The team had 22 hits and 15 runs during the game and dominated through the entire line-up. This was what was best about the game; even the kids that normally stand at the plate with their knees shaking got hits today. It was those hits that meant the most to me! There’s always that small group of kids that find everything easy, that will end up as Prom Kings and Business Executives; for these kids, a little victory means nothing (and is expected). But the faces of the also-rans as they smacked the ball into the field and heard me yelling that they just scored us another run…this was worth everything!!!

The team Manager and I umpired a game after ours was over and then stopped at a Pub for a Burger and a few Beers. After a long day in the sun, the food and drink were great and we laughed and talked about how special the day had been for the boys….

I’m certainly not one of those who think of winning as everything. I’ve been lucky in life and if you tend to win a lot, you realize that it really means nothing at all. Still, to those for whom a win is a rare an elusive thing, these moments are like water in the desert! It was something to see kids that probably don’t smile too much smiling without reservation today and holding their heads up with pride. I guess winning once and a while is not such a bad thing after all.

Best! Norm.

Sunday, April 22, 2007

The Wolf

This is a great story!

A grandson told of his anger at a schoolmate who had done him an injustice. The grandfather said, “Let me tell you a story. I too have felt a great hate for those that have taken so much with no sorrow for what they do. But, hate wears you down and does not hurt the enemy. It is like taking poison and wishing your enemy would die. I have struggled with these feelings many times. It is as if there are two wolves inside of me. One is good and does no harm. He lives in harmony with all around him and does not take offense when no offense was intended. He will only fight when it is right to do so and in the right way.”

“But the other wolf is full of anger. The littlest thing will set him into a fit of temper. He fights with everyone, all the time, for no reason. He cannot think because his anger and hate are so great. It is hard to live with these two wolves inside me because both of them try to dominate my spirit.”

The Boy looked intently into his grandfather’s eyes and asked, “Which one wins?”

The grandfather solemnly replied, “The one I feed.”

-Vickie Smith

Best! Norm.

Monday, April 16, 2007

A Quiet Café in Germany

I don’t look for enduring happiness in this world…only happy moments.

I am working this week in Frankfurt, Germany but have chosen to stay about 20 minutes west of Frankfurt (by train) in the city of Mainz. Mainz lies on the Rhine River and is dominated by the Cathedral “Dom” of St Martin, which is over 1000 years old.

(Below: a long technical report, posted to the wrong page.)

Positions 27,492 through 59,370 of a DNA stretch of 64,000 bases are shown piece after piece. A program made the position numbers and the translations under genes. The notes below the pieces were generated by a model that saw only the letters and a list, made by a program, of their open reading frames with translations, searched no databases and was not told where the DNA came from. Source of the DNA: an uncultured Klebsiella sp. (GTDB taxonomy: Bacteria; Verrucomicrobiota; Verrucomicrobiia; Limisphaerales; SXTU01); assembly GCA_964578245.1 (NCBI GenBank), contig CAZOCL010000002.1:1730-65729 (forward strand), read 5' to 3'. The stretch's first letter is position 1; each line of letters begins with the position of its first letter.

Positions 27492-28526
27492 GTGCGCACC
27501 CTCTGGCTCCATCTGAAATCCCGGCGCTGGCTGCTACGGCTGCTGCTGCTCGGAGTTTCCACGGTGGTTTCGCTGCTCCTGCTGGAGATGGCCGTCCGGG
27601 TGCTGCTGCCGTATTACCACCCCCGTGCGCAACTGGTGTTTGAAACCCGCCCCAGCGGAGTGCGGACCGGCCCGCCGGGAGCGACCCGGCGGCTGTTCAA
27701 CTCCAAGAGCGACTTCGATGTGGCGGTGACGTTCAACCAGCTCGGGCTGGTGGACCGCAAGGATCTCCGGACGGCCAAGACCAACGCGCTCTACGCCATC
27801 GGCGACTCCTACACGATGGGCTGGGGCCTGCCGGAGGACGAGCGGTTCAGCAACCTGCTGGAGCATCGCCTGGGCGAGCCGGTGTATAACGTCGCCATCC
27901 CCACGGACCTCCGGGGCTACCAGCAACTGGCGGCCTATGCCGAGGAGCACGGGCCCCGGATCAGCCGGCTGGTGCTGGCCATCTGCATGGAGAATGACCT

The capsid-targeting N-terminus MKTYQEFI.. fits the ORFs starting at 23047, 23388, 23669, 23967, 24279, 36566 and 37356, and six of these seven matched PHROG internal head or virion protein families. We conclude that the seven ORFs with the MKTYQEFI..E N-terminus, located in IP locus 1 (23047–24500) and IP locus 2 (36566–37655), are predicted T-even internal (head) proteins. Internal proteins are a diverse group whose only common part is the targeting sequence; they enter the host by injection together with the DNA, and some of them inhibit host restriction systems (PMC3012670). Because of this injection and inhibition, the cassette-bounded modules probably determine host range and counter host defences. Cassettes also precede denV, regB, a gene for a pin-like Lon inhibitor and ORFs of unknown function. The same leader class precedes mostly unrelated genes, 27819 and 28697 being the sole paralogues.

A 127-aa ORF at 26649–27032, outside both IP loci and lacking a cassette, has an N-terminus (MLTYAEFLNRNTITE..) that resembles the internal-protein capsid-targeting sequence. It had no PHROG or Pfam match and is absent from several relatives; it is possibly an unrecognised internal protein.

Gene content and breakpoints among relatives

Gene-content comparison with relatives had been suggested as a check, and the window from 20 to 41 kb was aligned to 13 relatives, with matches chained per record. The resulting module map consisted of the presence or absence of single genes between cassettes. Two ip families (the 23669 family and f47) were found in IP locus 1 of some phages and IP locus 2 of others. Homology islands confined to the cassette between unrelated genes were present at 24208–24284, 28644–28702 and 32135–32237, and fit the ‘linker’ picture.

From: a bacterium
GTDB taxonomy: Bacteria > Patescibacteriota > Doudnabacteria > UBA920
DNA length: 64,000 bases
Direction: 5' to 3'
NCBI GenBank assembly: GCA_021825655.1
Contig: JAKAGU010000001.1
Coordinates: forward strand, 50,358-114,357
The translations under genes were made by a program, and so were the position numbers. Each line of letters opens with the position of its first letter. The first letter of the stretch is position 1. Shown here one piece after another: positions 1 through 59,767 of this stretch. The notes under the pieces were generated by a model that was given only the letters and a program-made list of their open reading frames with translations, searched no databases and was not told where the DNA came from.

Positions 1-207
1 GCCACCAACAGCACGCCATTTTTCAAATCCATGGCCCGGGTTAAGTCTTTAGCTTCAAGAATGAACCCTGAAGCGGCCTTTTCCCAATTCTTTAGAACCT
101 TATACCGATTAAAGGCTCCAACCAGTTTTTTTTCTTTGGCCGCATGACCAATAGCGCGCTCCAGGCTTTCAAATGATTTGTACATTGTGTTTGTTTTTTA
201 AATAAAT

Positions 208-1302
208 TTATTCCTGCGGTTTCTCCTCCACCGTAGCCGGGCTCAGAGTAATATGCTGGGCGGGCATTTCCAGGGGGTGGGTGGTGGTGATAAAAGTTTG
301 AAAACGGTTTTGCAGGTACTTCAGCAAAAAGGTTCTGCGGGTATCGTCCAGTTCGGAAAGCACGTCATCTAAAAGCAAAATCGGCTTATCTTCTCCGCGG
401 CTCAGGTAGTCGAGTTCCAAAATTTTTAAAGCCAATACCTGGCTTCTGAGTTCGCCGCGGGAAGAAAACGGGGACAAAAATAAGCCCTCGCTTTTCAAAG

I have been blessed with beautiful weather for this visit and the blossoms of spring are everywhere (it is sunny and 80˚F). They have an open–air market here on weekends and the streets are filled with shoppers and vendors; fresh fruits, vegetables and flowers are everywhere.

I spent the entire afternoon enjoying the activity and beauty of the town and found myself near the banks of the river early in the evening. The Germans must enjoy carnival rides as I see Ferris Wheels and Rollercoaster’s on the riverbanks of every town that I have been to…Mainz is no different. I stop at a sausage vendor and get a Bratwurst that is as long as my arm and a liter of beer.

I sit beside the river and watch the families riding the carnival rides and the teenagers sunning themselves along the banks of the Rhine. The sun feels great after the long winter…the food is wonderful….the sounds are happy sounds and the sights are good sights…

I remind myself that a life is just a collection of memories…and this is a very good one. We all seem to be chasing so many things; I hope we don’t forget to chase a good memory now and then. In other words, don’t forget to stop and smell the Beer!

Best! Norm.

Sunday, March 25, 2007

The Buddha

Arriving in Hong Kong with a day before the schedule for my first meeting, I ‘ve got an opportunity to spend some time seeing things that I have not been able to visit on my earlier trips.

The Tian Tan Buddha and the Po Lin Monastery sit atop a hill on Lantau Island north of Hong Kong. I got to the site by taking a cable car that is similar to the ones that are commonly used in the European ski resorts. The ride took me very high about the islands and the northern territories and the trip up was beautiful. They also have a hiking path to the site, which is a 4 hour walk (I hope to do the hike on a future visit).

The Buddha itself is massive. The statue rises 34 meters above the top of the mountain and is reached by climbing 270 stairs. They had a presentation that outlined how Sidhartha became the Buddha and what in his life had led to his journey of enlightenment. I was especially moved by the simplicity and honesty of the story. The setting of this monastery is perfect for the reflection and self-awareness that Buddhism promotes. The woods that surround the peak are filled with Lilacs and the aroma on the paths that wound through the woods was intoxicating.

The temples that are interspersed amongst the trees are filled with the scent of incense as the believers send their prayers to the sky on through the burning of long sticks. I was completely at ease and completely mesmerized by the entire site. I am still searching for the religion that has the most meaning for me, that speaks most directly to my heart and mind. If the Buddhists are not there, then they are as close as I can find in any modern religion. This is a philosophy that works in this life and the next and that tells us how to live and treat each other without the mixed messages that seem to cause so much hatred and grief.